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Liberty or security: an uneasy legal balance in terrorism cases – University of Reading

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Liberty or security: an uneasy legal balance in terrorism cases

Release Date 14 May 2009

A major new research project will examine the role of the law, media, government and other parties in public perceptions of openness versus secrecy in security trials.

The ESRC/AHRC Global Uncertainties Fellowship awarded to Dr Lawrence McNamara in the University of Reading's Schoolof Law, will fund the exploration of how the public 'right to know' is balanced against the demands of national and international security.

The study will look at the impact of counter-terrorism legislation, as well as laws relating to defamation, contempt, official secrets, freedom of information, free speech rights, and the protection of journalists' sources, and the legal and ethical rules surrounding how lawyers deal with the media. It will further study how the agencies of the government, such as the police and security authorities, release information. At the core of the study 'Law, Terrorism and the Right to Know' are issues of transparency, responsibility and accountability.

Dr McNamara, said: "Concerns are continually raised about the ways that governments and courts deal with security-related matters. There is an increasing sense not only that matters are dealt with out of the public eye, but also that they are being dealt with in ways that diminish public trust in government. Most recently, this is apparent in the allegations that British security agencies were complicit in the torture of a terrorism suspect. Judicial or other inquiries into such allegations or hearings in prosecutions for terrorism offences are all too often held in closed courts or impose heavy restrictions on reporting.

"The project will examine how different parties in the processes – among them, government, the judiciary, media, human rights groups, police and security authorities, prosecution and defence representatives – see the balance between openness and secrecy. It aims to ascertain how much and in what ways access to information is closed down, what the effects of such closure might be, and how the balance of liberty and security might best be struck."

The Award for approximately £300,000 is jointly funded by the two research councils under the RCUK 'Global Uncertainties: Security for All in a Changing World' programme.

Professor Ian Diamond, Chief Executive of the ESRC commented "We are living in an uncertain world where a wide range of socio economic and demographic changes linked with the rapid rate of technological change are creating new threats to our security. These new fellowships will generate knowledge and develop understanding of these issues allowing us to produce more effective ways to prevent and mitigate threats."

ENDS

Further information and interviews with Dr Lawrence McNamara from the University of Reading Press Office on 0118 378 7388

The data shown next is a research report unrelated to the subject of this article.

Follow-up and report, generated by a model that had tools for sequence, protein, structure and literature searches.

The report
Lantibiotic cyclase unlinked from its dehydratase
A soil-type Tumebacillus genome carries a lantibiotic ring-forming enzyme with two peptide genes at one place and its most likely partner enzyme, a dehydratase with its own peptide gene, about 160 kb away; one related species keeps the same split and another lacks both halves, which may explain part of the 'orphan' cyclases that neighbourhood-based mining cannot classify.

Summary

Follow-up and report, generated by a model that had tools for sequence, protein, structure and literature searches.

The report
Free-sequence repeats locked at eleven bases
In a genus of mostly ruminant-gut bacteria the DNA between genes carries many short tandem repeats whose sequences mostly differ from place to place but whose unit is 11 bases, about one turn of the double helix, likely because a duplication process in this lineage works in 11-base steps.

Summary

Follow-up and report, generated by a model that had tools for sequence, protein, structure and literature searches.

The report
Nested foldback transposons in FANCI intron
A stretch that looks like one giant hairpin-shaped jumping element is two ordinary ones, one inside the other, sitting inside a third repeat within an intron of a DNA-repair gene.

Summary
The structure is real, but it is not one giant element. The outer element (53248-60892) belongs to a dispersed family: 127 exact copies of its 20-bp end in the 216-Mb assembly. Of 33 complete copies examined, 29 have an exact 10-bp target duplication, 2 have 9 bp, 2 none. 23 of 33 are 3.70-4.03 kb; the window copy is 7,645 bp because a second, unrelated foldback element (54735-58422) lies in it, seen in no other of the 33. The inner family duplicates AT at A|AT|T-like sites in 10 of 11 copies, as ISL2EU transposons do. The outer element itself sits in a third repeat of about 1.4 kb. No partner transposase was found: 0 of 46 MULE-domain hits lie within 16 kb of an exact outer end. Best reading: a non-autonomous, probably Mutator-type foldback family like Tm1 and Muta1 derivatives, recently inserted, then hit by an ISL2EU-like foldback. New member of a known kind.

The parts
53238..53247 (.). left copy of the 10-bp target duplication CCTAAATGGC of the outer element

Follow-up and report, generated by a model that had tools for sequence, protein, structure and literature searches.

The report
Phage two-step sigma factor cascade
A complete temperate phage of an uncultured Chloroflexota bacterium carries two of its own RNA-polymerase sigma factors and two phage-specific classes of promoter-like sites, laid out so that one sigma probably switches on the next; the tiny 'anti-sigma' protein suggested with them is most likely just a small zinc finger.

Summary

Notes to editors:

University of Reading School of Law

The School of Law at the University of Reading is one of the United Kingdom's leading law schools. It has an excellent reputation for teaching which draws its strength from its position as an internationally renowned centre of excellence in research. The high standing as a School has been confirmed by a succession of recent official appraisals and student surveys. The School is ranked in the top 12 Schools for research among sixty seven UK law schools in the 2008 Research Assessment Exercise (RAE), and is consistently highly rated in terms of student satisfaction by National Student Surveys and the University of Reading's own student surveys.

RCUK 'Global Uncertainties: Security for All in a Changing World' programme

How individuals, communities and nation states form their ideas and beliefs about security and insecurity will form the basis for 14 new fellowships under the Research Council's Global Uncertainties programme.

The £5.5 million investment from the Economic and Social Research Council (ESRC) and Arts and Humanities Research Council (AHRC) is anticipated to have significant impact both within the academic community and, where appropriate, on policy and practice.

ESRC Press Office Contacts

Danielle Moore, Communications Manager, Tel 01793 413122, email: href="mailto:Danielle.moore@esrc.ac.uk ">Danielle.moore@esrc.ac.uk

The Economic and Social Research Council (ESRC) is the UK's largest funding economic issues. It supports independent, high quality research which impacts on business, the public sector and the third sector. The ESRC's planned total expenditure in 2008/09 is £203 million. At any one time the ESRC supports over 4,000 researchers and postgraduate students in academic institutions and research policy institutes. More at
>www.esrcsocietytoday.ac.uk



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